Panhandle Invaders

Scotch Thistle
County added noxious weed in Banner, Box Butte, Cheyenne, Dawes, Morrill, Kimball, Scotts Bluff, Sheridan and Sioux counties.

This thistle quickly invades sunny areas that have been disturbed, but is suppressed when invading into a healthy system. Once established, it becomes highly competitive and can crowd out even cheatgrass. Its rapid growth and large size reduce available light for smaller plants, and draw away other needed resources. Long spines intimidate animals into eating easier targets. When a scotch thistle dies, it leaves abundant litter that can smother surrounding plants. The scotch thistle plant averages 70-310 flowers per plant. Add to that a potential of 110-140 seeds per flowering head, and you get a bountiful seed producer. Eighty to ninety percent of the seed can be dormant for approximately 5 years. Seeds may be dispersed by water, wind, animals, and human activities. More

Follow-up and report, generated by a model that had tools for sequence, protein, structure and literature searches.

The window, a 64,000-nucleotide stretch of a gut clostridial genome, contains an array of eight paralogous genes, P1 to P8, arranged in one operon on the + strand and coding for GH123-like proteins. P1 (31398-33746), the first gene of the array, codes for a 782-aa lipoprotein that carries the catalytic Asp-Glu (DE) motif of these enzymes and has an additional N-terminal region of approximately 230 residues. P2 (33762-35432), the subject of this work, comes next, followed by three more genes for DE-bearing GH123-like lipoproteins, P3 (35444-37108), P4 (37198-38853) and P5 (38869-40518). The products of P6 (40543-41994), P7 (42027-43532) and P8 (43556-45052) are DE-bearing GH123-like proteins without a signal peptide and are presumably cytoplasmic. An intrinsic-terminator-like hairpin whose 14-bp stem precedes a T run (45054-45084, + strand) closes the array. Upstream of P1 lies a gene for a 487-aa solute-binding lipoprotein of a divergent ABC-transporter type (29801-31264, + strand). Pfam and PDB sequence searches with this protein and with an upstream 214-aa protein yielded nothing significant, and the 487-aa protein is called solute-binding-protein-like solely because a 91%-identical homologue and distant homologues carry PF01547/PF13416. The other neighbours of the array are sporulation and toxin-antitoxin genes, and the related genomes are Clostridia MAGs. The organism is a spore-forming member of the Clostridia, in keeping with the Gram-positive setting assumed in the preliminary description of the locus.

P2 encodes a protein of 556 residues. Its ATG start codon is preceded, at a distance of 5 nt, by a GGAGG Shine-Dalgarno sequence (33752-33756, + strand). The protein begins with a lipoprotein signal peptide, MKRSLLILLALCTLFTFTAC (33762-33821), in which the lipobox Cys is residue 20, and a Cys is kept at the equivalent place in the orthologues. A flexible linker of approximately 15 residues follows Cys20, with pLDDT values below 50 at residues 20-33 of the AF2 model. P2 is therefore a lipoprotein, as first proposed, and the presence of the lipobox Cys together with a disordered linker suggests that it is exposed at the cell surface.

County added noxious weed in Dawes and Sheridian counties.

Houndstongue is a non-native biennial which grows 1 1/2 to 3 feet tall. It forms a rosette the first year. The heavy, tongued shaped leaves alternate up the stem and are about 4 to 12 inches long. The leaves are hairy and rough and feel like a dog's tongue. The flowers are reddish purple and terminal. The seed pods are distinctive 1/3 of an inch across and covered with barbs that enable them to stick to hairs, clothing etc., which is how they spread. It grows in many places such as pastures, on road sides, and also in field an ranges. More